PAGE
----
Real-time analytics on large dynamic graphs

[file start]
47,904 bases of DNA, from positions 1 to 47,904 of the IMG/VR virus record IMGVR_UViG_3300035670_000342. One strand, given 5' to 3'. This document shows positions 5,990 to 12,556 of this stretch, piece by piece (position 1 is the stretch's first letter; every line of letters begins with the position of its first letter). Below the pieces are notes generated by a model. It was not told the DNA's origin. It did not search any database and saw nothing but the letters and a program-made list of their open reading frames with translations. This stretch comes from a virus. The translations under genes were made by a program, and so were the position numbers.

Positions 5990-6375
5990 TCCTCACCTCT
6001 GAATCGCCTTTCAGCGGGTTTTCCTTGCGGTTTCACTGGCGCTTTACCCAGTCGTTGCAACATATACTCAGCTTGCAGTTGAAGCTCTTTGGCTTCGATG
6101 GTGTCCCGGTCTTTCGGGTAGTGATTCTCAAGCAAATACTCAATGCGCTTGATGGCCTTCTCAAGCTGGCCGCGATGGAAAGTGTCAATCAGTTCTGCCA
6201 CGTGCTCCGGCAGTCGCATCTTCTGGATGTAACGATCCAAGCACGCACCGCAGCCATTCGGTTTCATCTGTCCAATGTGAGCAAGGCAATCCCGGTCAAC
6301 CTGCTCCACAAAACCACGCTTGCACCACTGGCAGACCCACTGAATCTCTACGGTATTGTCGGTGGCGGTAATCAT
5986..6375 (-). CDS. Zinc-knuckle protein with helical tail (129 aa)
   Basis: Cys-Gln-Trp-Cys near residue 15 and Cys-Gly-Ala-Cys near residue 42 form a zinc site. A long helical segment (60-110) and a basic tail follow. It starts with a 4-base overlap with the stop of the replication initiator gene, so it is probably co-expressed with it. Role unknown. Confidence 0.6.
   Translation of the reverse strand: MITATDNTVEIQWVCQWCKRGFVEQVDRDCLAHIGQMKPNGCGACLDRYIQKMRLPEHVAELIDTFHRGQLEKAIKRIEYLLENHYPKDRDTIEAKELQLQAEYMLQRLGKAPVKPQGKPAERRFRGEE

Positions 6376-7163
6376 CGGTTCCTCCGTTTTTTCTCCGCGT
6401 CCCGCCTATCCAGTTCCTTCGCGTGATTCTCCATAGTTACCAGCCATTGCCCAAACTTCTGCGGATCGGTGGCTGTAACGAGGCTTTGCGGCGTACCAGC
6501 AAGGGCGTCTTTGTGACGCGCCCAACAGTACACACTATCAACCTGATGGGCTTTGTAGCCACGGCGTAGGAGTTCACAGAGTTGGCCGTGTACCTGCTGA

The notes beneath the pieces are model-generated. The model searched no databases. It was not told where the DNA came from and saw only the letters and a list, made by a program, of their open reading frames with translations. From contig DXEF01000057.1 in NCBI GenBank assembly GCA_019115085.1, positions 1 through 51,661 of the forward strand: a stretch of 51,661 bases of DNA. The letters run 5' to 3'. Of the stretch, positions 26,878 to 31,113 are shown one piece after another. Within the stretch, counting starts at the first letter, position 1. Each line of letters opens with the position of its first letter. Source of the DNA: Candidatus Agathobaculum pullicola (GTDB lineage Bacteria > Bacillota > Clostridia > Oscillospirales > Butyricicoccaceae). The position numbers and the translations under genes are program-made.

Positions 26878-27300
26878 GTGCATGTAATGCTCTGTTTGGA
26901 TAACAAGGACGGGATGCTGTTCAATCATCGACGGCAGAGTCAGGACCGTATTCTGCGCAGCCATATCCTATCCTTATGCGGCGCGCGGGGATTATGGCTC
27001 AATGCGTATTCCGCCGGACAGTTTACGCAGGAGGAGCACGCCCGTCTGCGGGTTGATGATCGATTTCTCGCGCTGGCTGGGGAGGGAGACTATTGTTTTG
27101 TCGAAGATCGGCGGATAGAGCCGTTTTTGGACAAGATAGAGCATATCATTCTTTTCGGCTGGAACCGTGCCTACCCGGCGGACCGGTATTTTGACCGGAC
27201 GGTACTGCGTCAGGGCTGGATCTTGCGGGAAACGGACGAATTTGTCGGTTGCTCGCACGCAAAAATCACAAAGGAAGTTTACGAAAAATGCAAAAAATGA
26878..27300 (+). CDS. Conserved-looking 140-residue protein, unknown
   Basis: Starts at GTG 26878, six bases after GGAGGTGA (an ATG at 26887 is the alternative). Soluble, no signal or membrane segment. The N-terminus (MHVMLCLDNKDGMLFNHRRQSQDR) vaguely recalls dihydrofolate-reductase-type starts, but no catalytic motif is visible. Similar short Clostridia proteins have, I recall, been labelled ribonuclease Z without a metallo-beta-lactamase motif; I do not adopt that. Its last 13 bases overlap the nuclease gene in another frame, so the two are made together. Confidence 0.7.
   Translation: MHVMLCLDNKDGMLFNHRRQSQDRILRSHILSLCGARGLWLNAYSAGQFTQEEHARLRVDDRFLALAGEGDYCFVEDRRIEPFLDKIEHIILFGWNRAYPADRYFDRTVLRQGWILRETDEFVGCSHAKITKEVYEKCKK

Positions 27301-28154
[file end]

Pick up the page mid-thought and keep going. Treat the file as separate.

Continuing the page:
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In today's fast-paced and interconnected digital world, the data generated by an increasing number of applications is being modeled as dynamic graphs. The graph structure encodes relationships among data items, while the structural changes to the graphs as well as the continuous stream of information produced by the entities in these graphs make them dynamic in nature. Examples include social networks where users post status updates, images, videos, etc.; phone call networks where nodes may send text messages or place phone calls; road traffic networks where the traffic behavior of the road segments changes constantly, and so on. There is a tremendous value in storing, managing, and analyzing such dynamic graphs and deriving meaningful insights in real-time. However, a majority of the work in graph analytics assumes a static setting, and there is a lack of systematic study of the various dynamic scenarios, the complexity they impose on the analysis tasks, and the challenges in building efficient systems that can support such tasks at a large scale. In this dissertation, I design a unified streaming graph data management framework, and develop prototype systems to support increasingly complex tasks on dynamic graphs. In the first part, I focus on the management and querying of distributed graph data. I develop a hybrid replication policy that monitors the read-write frequencies of the nodes to decide dynamically what data to replicate, and whether to do eager or lazy replication in order to minimize network communication and support low-latency querying. In the second part, I study parallel execution of continuous neighborhood-driven aggregates, where each node aggregates the information generated in its neighborhoods. I build my system around the notion of an aggregation overlay graph, a pre-compiled data structure that enables sharing of partial aggregates across different queries, and also allows partial pre-computation of the aggregates to minimize the query latencies and increase throughput. Finally, I extend the framework to support continuous detection and analysis of activity-based subgraphs, where subgraphs could be specified using both graph structure as well as activity conditions on the nodes. The query specification tasks in my system are expressed using a set of active structural primitives, which allows the query evaluator to use a set of novel optimization techniques, thereby achieving high throughput. Overall, in this dissertation, I define and investigate a set of novel tasks on dynamic graphs, design scalable optimization techniques, build prototype systems, and show the effectiveness of the proposed techniques through extensive evaluation using large-scale real and synthetic datasets.